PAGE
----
Some six months after Sony took full control of Sony Ericsson, following a $358 million quarterly loss by the renamed Sony Mobile Communications, Sony announced it was cutting 15 percent of the unit's workforce. Yet, the news was accompanied by several developments that point to a brighter, more open future for the struggling Android device vendor.
On Aug. 21, Sony Mobile ramped up its notoriously slow Android updates by releasing Android 4.0 ("Ice Cream Sandwich") on eight Xperia phones, with three more coming soon. More significantly, the ICS-ready Xperia S phone was selected by the Android Open Source Project (AOSP) as the first non-Google/Nexus branded device to be targeted by its open source Android build.
The Xperia project will be the first experimental AOSP release, according to a Google Groups post by Google's Jean-Baptiste Queru, Technical Lead of the project. The Xperia S will act as an open sandbox for exploring "bleeding edge" ideas for Android, wrote Queru.
The phone was chosen because "it's a powerful current GSM device, with an unlockable bootloader from a manufacturer that has always been very friendly to AOSP," wrote Queru. The project should accelerate Xperia updates, he noted, because many of Sony's enhancements will already be baked into the code.
Usable code could take months to arrive, and Queru has refrained from promising a final build. Yet, AOSP will have help. On Aug. 21, Android Central quoted a statement of support from Sony, which added it would "see if there are things we can contribute with along the way." According to Neowin, "trusted sources" within Sony Mobile stated on XDA-Developers that Sony is currently in negotiations toward contributing open source drivers. The project has also been joined by the CyanogenMod Android ROM project.
AOSP Gains Versatility
AOSP develops the vanilla code that appears on Google-branded Nexus devices like the Asus-manufactured Nexus 7 tablet or Samsung-built Nexus phones. An ICS build was released for the PandaBoard, and hackers have tweaked their own versions to support unlocked or rooted devices. However, the Xperia S will be the first third-party device to be targeted by AOSP.
The Xperia project is "experimental" in more ways than one. AOSP aims to fulfill its goal of being a modular system that can be augmented with device-specific components. Wrote Queru: "In theory, AOSP is designed such that it should be possible to plug in the files related to additional hardware targets. In practice, that has never happened."
The project may also add credence to rumors that Google will simultaneously launch "Key Lime Pie" (most likely Android 5.0) on multiple "Nexus" devices from multiple vendors this fall. AOSP could be the mechanism to make it happen.
Sony Opens Up
Aside from its lawsuit against hackers trying to reinstate Linux support on the PS3, Sony has been a solid open source citizen in recent years. A gold member of the Linux Foundation, Sony dutifully posts its GPL-licensed code for its Linux-based consumer electronics devices.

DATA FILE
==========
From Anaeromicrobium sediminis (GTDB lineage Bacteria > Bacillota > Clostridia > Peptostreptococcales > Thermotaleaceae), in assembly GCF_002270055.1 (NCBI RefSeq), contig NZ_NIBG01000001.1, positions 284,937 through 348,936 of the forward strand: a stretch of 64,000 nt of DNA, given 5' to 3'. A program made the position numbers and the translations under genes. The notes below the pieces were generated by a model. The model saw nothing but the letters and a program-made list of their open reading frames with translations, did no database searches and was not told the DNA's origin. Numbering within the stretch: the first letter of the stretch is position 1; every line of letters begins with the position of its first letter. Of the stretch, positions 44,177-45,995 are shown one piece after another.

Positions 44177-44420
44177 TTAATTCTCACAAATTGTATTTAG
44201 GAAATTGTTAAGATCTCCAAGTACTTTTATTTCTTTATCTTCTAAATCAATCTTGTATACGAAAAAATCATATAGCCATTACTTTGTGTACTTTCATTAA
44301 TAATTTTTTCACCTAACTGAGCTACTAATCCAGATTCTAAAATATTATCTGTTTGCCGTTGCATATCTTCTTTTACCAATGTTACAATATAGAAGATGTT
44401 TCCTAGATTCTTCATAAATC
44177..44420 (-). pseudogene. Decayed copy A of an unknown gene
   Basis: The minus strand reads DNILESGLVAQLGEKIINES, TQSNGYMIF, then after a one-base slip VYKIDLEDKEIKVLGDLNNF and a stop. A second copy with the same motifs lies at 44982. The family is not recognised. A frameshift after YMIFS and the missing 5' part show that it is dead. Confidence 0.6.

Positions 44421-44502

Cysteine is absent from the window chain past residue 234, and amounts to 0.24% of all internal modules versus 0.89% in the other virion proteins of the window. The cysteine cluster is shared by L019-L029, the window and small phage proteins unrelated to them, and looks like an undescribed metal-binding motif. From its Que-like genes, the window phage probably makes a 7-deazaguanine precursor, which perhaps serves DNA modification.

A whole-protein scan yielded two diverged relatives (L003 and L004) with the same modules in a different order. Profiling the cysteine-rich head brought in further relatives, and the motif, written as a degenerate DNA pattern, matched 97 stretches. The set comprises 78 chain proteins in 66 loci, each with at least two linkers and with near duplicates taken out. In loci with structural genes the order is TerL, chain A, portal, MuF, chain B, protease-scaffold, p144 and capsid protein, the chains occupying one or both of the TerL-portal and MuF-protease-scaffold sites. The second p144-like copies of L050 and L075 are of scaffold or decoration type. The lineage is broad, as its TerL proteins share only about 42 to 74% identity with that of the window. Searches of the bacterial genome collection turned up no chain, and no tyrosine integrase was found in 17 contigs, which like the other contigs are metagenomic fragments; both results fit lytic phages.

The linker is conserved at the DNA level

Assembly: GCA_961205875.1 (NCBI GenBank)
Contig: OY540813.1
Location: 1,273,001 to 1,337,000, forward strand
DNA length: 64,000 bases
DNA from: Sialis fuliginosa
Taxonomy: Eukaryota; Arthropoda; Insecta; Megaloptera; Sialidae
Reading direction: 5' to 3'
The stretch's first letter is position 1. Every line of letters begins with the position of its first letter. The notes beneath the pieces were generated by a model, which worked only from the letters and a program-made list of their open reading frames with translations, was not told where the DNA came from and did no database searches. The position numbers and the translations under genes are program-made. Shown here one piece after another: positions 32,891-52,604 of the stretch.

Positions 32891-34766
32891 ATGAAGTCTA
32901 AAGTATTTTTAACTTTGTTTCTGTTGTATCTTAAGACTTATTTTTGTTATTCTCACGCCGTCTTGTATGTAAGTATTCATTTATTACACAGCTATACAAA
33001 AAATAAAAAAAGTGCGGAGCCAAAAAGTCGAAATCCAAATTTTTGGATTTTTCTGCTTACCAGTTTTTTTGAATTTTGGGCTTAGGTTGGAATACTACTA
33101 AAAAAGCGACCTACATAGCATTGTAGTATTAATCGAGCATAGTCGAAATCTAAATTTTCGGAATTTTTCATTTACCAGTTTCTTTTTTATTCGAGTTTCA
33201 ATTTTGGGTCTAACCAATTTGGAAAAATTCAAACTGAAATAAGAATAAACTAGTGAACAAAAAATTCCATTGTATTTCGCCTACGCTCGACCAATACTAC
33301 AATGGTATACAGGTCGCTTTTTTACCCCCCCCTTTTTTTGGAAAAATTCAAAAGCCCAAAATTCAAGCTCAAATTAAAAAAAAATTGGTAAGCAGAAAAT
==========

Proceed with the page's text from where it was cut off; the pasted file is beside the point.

Sony Ericsson, meanwhile, has become a leader for open Android practices, offering unlocked bootloaders and releasing preview versions of ICS for several phones. Sony Mobile is accelerating this trend. On Aug. 20, it released an Android-based sensor framework called DASH (Dynamic Android Sensor HAL) as an open source project. DASH enables custom ROM developers to control sensors on Xperia devices.
Google's nod to Sony in its AOSP/Xperia announcement sends a clear message to other Android vendors: Pay now with upstream contributions to AOSP, and you won't have to pay later with long delays in updating devices. Back in April, Queru singled out Sony for its rapid ICS port to the Sony Tablet S, a feat he said was aided by its frequent upstream contributions of patches to the AOSP codebase. Now, with Sony Mobile's accelerated ICS updates, Google has more evidence for its argument that good open source practices can lead to greater agility.
Sony Mobile's Tough Road
Sony Mobile will find it challenging to retake ground lost to vendors like Samsung and ZTE. The company's mobile-device share idled at 1.9 percent in the first quarter of 2011 and 2012, just below Motorola and above HTC, according to Gartner.
By shedding Ericsson and moving Sony Mobile's headquarters from Sweden to Japan, however, Sony Corporation's new CEO Kazuo Hirai should have a freer hand to reinvigorate the Xperia line. The company has suggested it will further integrate the devices with its Smart TVs, including Google TV models, essentially turning Xperia into a mobile gaming platform. That process began last year with the announcement of a gamer-oriented Xperia Play phone and PlayStation Mobile development environment for converting PS3 games to Android.
A new dual-slider version of the Xperia Play is reportedly on the way, and Sony hopes to stay current with an Xperia S update called the Xperia SL. The SL maintains the impressive 4.3-inch, 720p display and 12.1-megapixel camera while advancing to a 1.7GHz Snapdragon. A quad-core Xperia T model is also expected.
If Sony accompanies these models with more competitive pricing than it has in the past, it may find success. But nothing will please consumers more than timely updates. If Sony Mobile continues that trend -- and perhaps releases a "Key Lime Pie" device shortly after the update hits this fall -- it will in part have open source to thank.